fn function<T>(x: Something<'_, &T>) {}
or ....


struct Something<'a, T>(&'a T);

fn function<'a, T>(x: Something<'a, &T>) {}


struct Something<'a, T>(&'a T);

fn function<'b, T>(x: Something<'_, &'b T>) {}


struct Something<'a, T>(&'a T);

fn function<'a, 'b, T>(x: Something<'a, &'b T>) {}


struct Something<'a, T>(&'a T);

fn function<'a, 'b: 'a, T: 'b>(x: Something<'a, &'b T>) {}
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Exactly. I can use DSTs behind something Rust can size at compile time. Perfect, thank you.

You can enforce this with #[deny(elided_lifetimes_in_paths)]


Thank you for the code snippets. That brings out an interesting point because while the inputs as you have them, compile, the compiler rejects the following:

struct Something<'a, T>(&'a T);

fn go<'a, T>(input: &'a T, _: &T) -> Something<&'a T> {

but accepts it when I change the return type of fn go to Something<'a, T>.

I will have to re-read the posts with a fresh eye tomorrow, but clearly the compiler binds T to &'a T but not <'a, T> to &'a T when building types.

Well, this function has multiple problems. Ignoring the semicolon, the first thing to learn is that Something<&'a T> stands for Something<'_, &'a T>. They are meaning entirely the same. This means that Something<&'a T>, i.e. Something<'_, &'a T> contains, by definition, a &'_ &'a T field. You’re passing a &'a T here, so that’s problematic. Fixing this problem, we get

fn go<'a, T>(input: &'_ &'a T, _: &T) -> Something<'_, &'a T> {

this still doesn’t work because lifetime elision does not support having more than one lifetime on the left hand side of the function (with some exception for methods, i.e. when self parameters are involved). There’s actually three lifetimes now, previously there still were two lifetimes. And the (previously invisible) '_ is an explicit elided lifetime. So to get everything work, we do indeed need explicit lifetimes, e.g.

fn go<'a, 'b, T>(input: &'b &'a T, _: &T) -> Something<'b, &'a T> {

But the situation is the same if you used a

struct SomethingElse<T>(T);

fn go<'a, T>(input: &&'a T, _: &T) -> SomethingElse<&&'a T> {

the same kind of error, the same kind of solution, no difference :wink:

Thank you @steffahn. Does what you are saying mean I should be able to use

struct SomethingElse<T>(T);


struct Something<'a, T>(&'a T);

as "one in the same"? A quick yes, no is all I need if the answer is clear to you in what you have already said. I will review in detail tomorrow.

I’ll give you a qualified yes. If you have these two types, then you can use Something<'a, T> or SomethingElse<&'a T> in the same way, yes. And the elided SomethingElse<&T> corresponds to Something<'_, T>.

Just, as @RustyYato already said, the SomethingElse type does not “hide” the fact that it contains a reference if it contains a reference. So you won’t be able to refactor it to use something other than &T internally later (like – IDK – maybe raw pointers or whatever). And obviously it allows for writing SomethingElse<S> for non-reference types S, too. Users of the type might be confused why it only ever appears as SomethingElse<&'a T> in your API.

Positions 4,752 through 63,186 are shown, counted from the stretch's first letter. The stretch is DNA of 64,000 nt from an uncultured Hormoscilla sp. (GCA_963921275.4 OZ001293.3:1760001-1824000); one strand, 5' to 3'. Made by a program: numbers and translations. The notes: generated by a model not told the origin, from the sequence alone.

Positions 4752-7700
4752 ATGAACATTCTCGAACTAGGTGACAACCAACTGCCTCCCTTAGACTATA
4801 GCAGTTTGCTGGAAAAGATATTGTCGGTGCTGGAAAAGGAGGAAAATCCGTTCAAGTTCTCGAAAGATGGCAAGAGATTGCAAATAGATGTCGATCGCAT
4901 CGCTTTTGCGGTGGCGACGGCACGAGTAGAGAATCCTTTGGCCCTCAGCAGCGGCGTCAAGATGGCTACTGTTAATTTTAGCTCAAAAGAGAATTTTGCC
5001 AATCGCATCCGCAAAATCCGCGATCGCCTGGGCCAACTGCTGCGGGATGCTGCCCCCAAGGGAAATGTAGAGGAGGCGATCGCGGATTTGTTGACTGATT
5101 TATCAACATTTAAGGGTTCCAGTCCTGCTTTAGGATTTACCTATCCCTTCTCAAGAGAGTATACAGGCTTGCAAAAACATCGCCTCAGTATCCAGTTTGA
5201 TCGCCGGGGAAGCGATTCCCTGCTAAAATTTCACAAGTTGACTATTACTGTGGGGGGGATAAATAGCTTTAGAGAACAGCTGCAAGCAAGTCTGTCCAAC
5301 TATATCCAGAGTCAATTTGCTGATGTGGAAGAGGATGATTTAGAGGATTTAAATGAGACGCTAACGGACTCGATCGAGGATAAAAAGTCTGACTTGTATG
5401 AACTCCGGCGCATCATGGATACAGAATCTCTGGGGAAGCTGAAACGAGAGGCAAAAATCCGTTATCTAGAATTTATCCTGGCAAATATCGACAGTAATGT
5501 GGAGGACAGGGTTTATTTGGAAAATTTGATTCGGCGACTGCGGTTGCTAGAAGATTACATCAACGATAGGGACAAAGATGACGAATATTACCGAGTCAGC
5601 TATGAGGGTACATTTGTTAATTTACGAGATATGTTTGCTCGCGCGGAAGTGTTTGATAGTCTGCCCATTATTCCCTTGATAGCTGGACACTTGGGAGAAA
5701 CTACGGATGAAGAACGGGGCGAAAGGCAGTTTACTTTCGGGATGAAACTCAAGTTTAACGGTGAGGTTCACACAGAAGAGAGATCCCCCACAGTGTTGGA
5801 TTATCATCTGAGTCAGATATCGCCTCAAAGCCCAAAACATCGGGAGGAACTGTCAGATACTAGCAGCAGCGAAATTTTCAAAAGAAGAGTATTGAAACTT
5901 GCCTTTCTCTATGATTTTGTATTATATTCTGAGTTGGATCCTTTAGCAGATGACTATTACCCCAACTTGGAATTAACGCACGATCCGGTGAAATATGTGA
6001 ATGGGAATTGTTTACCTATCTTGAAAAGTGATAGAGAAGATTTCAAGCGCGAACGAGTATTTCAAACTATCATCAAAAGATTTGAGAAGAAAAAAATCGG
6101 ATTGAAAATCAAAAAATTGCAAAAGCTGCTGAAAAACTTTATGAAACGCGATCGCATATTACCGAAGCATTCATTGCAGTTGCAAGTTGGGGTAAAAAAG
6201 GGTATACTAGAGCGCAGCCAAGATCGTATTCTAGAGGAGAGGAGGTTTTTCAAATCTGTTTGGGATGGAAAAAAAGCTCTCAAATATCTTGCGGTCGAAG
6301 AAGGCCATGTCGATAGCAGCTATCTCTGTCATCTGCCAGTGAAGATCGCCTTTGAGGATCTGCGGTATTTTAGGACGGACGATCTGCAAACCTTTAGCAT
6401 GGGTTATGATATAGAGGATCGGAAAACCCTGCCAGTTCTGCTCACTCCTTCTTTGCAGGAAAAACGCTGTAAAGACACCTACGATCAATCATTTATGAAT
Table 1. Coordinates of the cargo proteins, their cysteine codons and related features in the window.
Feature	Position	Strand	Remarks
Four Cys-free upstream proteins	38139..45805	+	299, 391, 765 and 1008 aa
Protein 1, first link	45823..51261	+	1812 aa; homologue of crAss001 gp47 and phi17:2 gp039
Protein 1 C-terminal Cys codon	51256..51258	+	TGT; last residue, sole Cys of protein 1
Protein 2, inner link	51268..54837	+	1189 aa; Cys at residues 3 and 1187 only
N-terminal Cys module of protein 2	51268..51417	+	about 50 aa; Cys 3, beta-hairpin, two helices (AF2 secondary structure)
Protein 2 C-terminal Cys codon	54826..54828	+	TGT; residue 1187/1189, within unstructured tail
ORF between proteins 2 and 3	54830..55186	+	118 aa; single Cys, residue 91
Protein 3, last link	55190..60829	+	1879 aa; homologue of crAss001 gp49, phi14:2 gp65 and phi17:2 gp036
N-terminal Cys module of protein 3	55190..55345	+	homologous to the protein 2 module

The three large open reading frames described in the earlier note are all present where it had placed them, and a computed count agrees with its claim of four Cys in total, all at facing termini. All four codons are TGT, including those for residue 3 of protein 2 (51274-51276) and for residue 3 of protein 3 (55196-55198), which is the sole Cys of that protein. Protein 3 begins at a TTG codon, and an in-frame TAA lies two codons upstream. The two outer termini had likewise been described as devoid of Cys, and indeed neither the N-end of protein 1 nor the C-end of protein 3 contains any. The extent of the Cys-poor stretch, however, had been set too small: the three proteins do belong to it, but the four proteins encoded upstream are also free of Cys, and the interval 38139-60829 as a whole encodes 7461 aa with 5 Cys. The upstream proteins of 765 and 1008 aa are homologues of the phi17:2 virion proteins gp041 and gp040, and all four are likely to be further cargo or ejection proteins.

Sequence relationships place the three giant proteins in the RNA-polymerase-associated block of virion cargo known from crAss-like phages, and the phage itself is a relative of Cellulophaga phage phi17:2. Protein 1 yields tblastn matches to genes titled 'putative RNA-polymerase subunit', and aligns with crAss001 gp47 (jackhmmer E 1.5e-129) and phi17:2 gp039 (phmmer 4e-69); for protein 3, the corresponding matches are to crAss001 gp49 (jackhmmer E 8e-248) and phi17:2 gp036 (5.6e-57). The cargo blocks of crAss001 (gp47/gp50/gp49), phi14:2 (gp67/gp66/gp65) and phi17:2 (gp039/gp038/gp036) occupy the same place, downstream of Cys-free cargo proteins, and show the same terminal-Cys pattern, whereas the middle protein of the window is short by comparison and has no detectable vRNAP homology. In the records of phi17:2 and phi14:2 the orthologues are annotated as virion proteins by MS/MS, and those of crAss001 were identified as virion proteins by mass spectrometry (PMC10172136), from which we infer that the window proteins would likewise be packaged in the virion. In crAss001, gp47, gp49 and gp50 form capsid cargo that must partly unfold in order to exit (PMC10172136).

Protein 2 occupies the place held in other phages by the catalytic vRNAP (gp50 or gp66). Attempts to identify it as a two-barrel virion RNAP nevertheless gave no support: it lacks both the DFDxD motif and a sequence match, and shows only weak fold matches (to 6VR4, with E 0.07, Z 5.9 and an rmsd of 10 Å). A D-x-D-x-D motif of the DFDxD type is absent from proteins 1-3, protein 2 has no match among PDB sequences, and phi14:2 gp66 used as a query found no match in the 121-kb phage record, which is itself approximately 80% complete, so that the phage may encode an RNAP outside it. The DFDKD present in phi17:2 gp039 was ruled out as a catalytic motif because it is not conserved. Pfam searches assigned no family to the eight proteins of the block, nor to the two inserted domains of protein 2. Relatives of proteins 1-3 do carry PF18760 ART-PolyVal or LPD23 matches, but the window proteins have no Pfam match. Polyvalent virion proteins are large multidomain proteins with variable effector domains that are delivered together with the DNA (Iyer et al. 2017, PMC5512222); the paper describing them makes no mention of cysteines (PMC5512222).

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Articulating the correspondence between the two type declarations is helpful. Here is an expansion of that approach:

parameter A<T>(T) type B<'a,T>(&'a T) type
value: T A<T> fails to compile
&value A<&T> B<'_, T>
&'a value A<&'a T> B<'a, T>

What type-level bindings work with the compiler? For instance, can I use <'a, T> to describe <&'a T> in the return type of a function?

type declaration return type compiles? note
X<T> X<&'a T> yes T encodes both the type and named borrow
X<T> X<'a,T> no error: unexpected lifetime parameter
X<'a,T> X<&'a T> no error: missing lifetime parameter


So all in all, to your "qualified yes", while the first table describes a correspondence, the compiler treats them as separate types. Any attempt to treat <'a, T> as <T> (and vice versa), even when T: &U, fails to compile.

For me the take-away is that using <'a, T> in a type declaration seems to make sense only when the parameters are required to specify more than one type in the "thing" being typed. e.g.,

struct DoItHere<'a, T> {
    value: T, // concrete type when provided with a type parameter 
    resource: &'a Resource, // concrete type when provided with a lifetime parameter
struct NotHere<'a, T> {
   value: &'a T // avoid, use T where T can be &U when needed, with named lifetimes when needed

As someone trying to scope out the intent of the <'a, T> syntax, the value and limits of the expression are more explicit when doing something like <'data, 'connection, User> where the grammar requires lifetimes be first, then types, but does not imply a relationship between them. The "newtype" example I was using seems to defeat, if not miss altogether, the value of what can be expressed using this type constructing syntax.

Finally, while I can perhaps see why, it is somewhat counter-intuitive that T that can host/encode a borrow with a named lifetime, cannot be cast to <'a, T>. The information is there, why not then bind accordingly? I think that's where I started to try and understand the distinction; difference with distinction? or six/half-dozen? In practice, we concluded difference with distinction. End of what is needed to know to use the syntax.

However, curiosity killing the cat: could that information consistently inform the lifetimes of the subtypes without creating ambiguity in the type system? (i.e., is this rejected code that could be admitted) What prevents the compiler from accepting an elided lifetime when an explicit one is specified by the type definition? I get that there is no obvious reason the elided lifetime should be a valid interpretation for what the subtype requires, but how might it be wrong? Again, I can see how the lifetime of the "thing" as a whole is unrelated to the lifetime of a field in the "thing", but when "correct" a relationship does exist: the lifetime of the field borrow must be at least as long (if not longer) than that of the "thing"... The articulation of the inherent relationships might draw a line between shared scope and the limits of what the lifetime of the whole says about that of it's fields in a way that informs more soundness, more streamlined thinking, into our designs.